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ARS Home » Plains Area » Clay Center, Nebraska » U.S. Meat Animal Research Center » Genetics and Animal Breeding » Research » Publications at this Location » Publication #310016

Title: Genetic effects on birth weight in reciprocal Brahman-Simmental crossbred calves

item DILLON, JASMINE - Texas A&M University
item RILEY, DAVID - Texas A&M University
item HERRING, ANDY - Texas A&M University
item SANDERS, JAMES - Texas A&M University
item Thallman, Richard - Mark

Submitted to: Journal of Animal Science
Publication Type: Peer Reviewed Journal
Publication Acceptance Date: 12/1/2014
Publication Date: 2/1/2015
Citation: Dillon, J.A., Riley, D.G., Herring, A.D., Sanders, J.O., Thallman, R.M. 2015. Genetic effects on birth weight in reciprocal Brahman-Simmental crossbred calves. Journal of Animal Science. 93(2):553-561.

Interpretive Summary: It has been routinely observed that calves sired by Brahman (Bos indicus, humped) bulls out of Bos taurus (non-humped) cattle are lighter at birth than calves (of similar breed percentages) that are sired by the same Bos taurus breed of bull and out of Brahman cows. These matings are referred to as reciprocal cross F1 matings. Differences between these reciprocal crosses have traditionally been assumed due to classical maternal effects (e.g., uterine blood flow or nutrient content). Consequently, the default assumption was that calves produced by transfer of embryos to comparable recipient cows would have the same average birth weight. However, we show that reciprocal crosses produced by embryo transfer have differences in birth weight in the same direction and of approximately the same magnitude as those in reciprocal crosses born to their natural dams. Furthermore, sexual dimorphism (the differences between male and female calves) for birth weight was also quite different between reciprocal crosses, whether produced by embryo transfer or not. Male calves were much heavier than females when sired by Brahman sires out of Simmental dams, while the females were the same or slightly heavier than males in the reciprocal cross. A number of genetic models that could potentially explain such differences (but that are not typically included in genetic analysis of beef cattle data) were evaluated. It appears most likely that genes on the X chromosome account for part of the reciprocal differences. Genes that are expressed from only the chromosome inherited from the dam (and/or genes that are expressed from only the chromosome inherited from the sire) seem to be responsible for much of the remaining reciprocal difference. Better understanding of these atypical genetic mechanisms should improve genetic evaluation and selection of Brahman-influence breeds and improve the design of Brahman-influenced breeds, composites, and crossbreeding systems.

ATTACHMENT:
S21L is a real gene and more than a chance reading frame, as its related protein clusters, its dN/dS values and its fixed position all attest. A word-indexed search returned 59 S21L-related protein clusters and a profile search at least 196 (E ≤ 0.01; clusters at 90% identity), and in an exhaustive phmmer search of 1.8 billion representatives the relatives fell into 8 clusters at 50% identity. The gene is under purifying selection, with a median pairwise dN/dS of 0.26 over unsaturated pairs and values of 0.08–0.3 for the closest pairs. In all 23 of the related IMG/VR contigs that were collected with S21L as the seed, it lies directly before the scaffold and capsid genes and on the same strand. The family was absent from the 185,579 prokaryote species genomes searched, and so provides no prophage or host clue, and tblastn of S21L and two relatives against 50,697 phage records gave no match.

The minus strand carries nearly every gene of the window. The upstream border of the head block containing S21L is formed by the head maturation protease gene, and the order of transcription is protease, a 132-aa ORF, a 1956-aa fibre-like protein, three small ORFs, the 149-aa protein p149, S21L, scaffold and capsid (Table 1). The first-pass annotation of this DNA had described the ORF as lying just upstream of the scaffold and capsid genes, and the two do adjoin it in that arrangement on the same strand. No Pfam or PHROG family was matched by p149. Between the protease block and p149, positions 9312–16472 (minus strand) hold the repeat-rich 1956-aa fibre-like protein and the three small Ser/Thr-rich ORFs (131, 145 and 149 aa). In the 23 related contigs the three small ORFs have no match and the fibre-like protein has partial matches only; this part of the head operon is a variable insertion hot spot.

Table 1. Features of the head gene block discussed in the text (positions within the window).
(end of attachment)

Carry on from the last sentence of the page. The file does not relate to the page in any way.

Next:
Technical Abstract: Brahman cross calves exhibit unusual inheritance of birth weight: Brahman-sired crossbreds out of Bos taurus females are heavier with greater difference between sexes than calves of the reciprocal cross. The objectives of this work were to confirm that unusual inheritance and to investigate non-Mendelian genetic effects that may influence differences in Brahman × Simmental crossbred calves. Crossbred calves were produced by embryo transfer (n = 2,862) and natural service or artificial insemination (n = 2,125) from 1983 to 1991 by a private seedstock producer. Brahman-sired F1 embryos out of Simmental donor cows weighed 9.4 ± 1.1 (P < 0.0001) kg more at birth than Simmental-sired F1 embryos out of Brahman donor cows when transferred to comparable recipients. This reciprocal difference was accompanied by sexual dimorphism: within Brahman-sired F1 calves, males were 5.0 ± 1.4 kg heavier than females, whereas within Simmental-sired F1 calves, females were 0.7 ± 0.5 kg heavier than males. Covariates were constructed from the pedigree to represent genetic effects: proportion Brahman in calves and dams (direct and maternal breed effects), direct and maternal breed heterozygosity, probability of Brahman mitochondrial origin, probability of Brahman Y chromosome, probability of Brahman X chromosome, genomic imprinting (the difference between the probabilities of Brahman in the genetic dam and in the sire), non-random X inactivation by breed of origin (the probability of breed heterozygosity of the X chromosomes of a female), and non-random X inactivation by parent of origin (the difference between probabilities of a female inheriting a paternal or maternal Brahman X chromosome). The maternal breed heterozygosity, genomic imprinting, probability of Brahman X chromosome, and genomic imprinting × sex effect covariates from the full model were significant with regression coefficients of 1.1 ± 0.5 (P < 0.05), '8.3 ± 2.3 (P < 0.01), '3.5 ± 1.3 (P < 0.01), and '5.3 ± 2.0 (P < 0.01), respectively. Results suggest that sex-specific genomic imprinting may be contributing to the inheritance of birth weight in Bos indicus-Bos taurus crossbred calves, similar to patterns of mouse litter and placental weight in interspecific crosses.